One of the many arguments put forward against the adoption of dogs from foreign lands is that it delays or takes away the chance of a home grown unwanted dog finding a home quickly. But this argument is a bit of a fallacy as it is more to do with our fickle and selfish approach to choosing a dog that results in at least 40,000 dogs remaining on the shelves at UK rescues centres each year. Unfortunately there are too few people looking to acquire or adopt for the right reasons i.e. providing a new life for a disadvantaged dog regardless of its aesthetic appeal, pedigree or the trend of the moment. Until we change our adoption preferences charities will never be able to easily find homes for every dog in their care.
One large UK dog charity admits they receive 13,000 applications annually but never have enough numbers of the desired types to meet this demand because most applicants are holding out for a particular breed or type. It is virtually impossible to persuade these potential adopters to ignore their preferred choice in favour of a nondescript stray that doesn’t appeal. Foreign strays have the edge over those that are overlooked because human nature being what it is we cannot resist a sad story and foreign rescues are perceived to be the saddest of all. But if you look at the figures involved in reality there should be more than enough potential owners to keep both sides of the foreign import argument happy.
Rescue sector only provides a small percentage of demand
The UK dog rescue sector only fulfils a small percentage of the annual demand for dogs and puppies and foreign rescues even less. I am no mathematician but looking at the numbers logically, the UK has an estimated dog population of 9 million and if you accept that the average lifespan of a dog is probably 11 years it means the UK requires a minimum of 820,000 puppies and dogs just to replenish those that die of old age. It has been variously estimated that 130,000 dogs are handed into UK animal charities as unwanted annually and if you accept their published success rates, 90,000 (70%) are probably rehomed. This leaves up to 40,000 less desirable ones remaining.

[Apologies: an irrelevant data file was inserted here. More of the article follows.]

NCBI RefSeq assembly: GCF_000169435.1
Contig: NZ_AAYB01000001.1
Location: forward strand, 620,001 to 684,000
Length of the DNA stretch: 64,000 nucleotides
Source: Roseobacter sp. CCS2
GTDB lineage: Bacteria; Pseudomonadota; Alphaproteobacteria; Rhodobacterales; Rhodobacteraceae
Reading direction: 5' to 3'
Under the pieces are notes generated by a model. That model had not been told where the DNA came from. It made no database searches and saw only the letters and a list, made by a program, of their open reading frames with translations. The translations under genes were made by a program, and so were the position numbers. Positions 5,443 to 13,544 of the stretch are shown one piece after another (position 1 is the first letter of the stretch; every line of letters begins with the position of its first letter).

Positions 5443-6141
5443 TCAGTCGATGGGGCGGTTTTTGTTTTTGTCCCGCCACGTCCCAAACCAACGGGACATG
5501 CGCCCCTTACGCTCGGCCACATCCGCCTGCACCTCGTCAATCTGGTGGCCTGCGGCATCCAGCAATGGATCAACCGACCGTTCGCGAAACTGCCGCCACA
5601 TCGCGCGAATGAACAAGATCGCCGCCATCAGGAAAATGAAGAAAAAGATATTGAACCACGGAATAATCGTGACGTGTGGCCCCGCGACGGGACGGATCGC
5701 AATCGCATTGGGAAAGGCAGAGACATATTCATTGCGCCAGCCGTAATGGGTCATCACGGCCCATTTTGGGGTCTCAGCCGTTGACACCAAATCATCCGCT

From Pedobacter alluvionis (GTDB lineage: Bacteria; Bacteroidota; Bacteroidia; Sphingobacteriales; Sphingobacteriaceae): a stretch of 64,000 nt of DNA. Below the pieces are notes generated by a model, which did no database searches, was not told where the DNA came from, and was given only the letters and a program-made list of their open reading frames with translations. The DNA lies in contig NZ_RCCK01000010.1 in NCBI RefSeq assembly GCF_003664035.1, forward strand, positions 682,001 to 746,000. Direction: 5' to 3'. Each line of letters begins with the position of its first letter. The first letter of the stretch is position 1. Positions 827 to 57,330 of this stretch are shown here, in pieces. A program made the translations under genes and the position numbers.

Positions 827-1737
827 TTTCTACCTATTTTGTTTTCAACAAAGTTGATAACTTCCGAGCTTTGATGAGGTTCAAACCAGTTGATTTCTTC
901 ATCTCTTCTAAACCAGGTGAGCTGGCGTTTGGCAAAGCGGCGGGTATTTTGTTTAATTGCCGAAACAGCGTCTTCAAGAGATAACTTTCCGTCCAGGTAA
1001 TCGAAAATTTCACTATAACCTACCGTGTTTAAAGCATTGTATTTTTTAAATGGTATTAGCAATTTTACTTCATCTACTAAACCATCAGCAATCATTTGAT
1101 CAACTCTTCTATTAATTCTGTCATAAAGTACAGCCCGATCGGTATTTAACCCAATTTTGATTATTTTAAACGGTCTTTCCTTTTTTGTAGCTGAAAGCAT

Even if 100% of UK unwanted dogs and thousands more foreign rescues were found homes each year they would still only satisfy a fraction of the demand. Therefore there should be room in the market to satisfy everyone in the rescue industry but it requires all dog lovers to play their part by not viewing dogs as accessories and lowering their exacting standards in choosing a dog.
The situation is similar in other countries such as the USA and Canada where the rescue market only provides a fraction of the demand but there is also opposition to foreign imports.
It is commercially bred dog and puppy imports that are causing the most problems not rescue dogs and this is the area where curtailment could be considered which would increase demand for more dogs from the rescue sector. Better still the ideal answer is to have a more responsible attitude to dog ownership and avoid dogs going into care in the first place.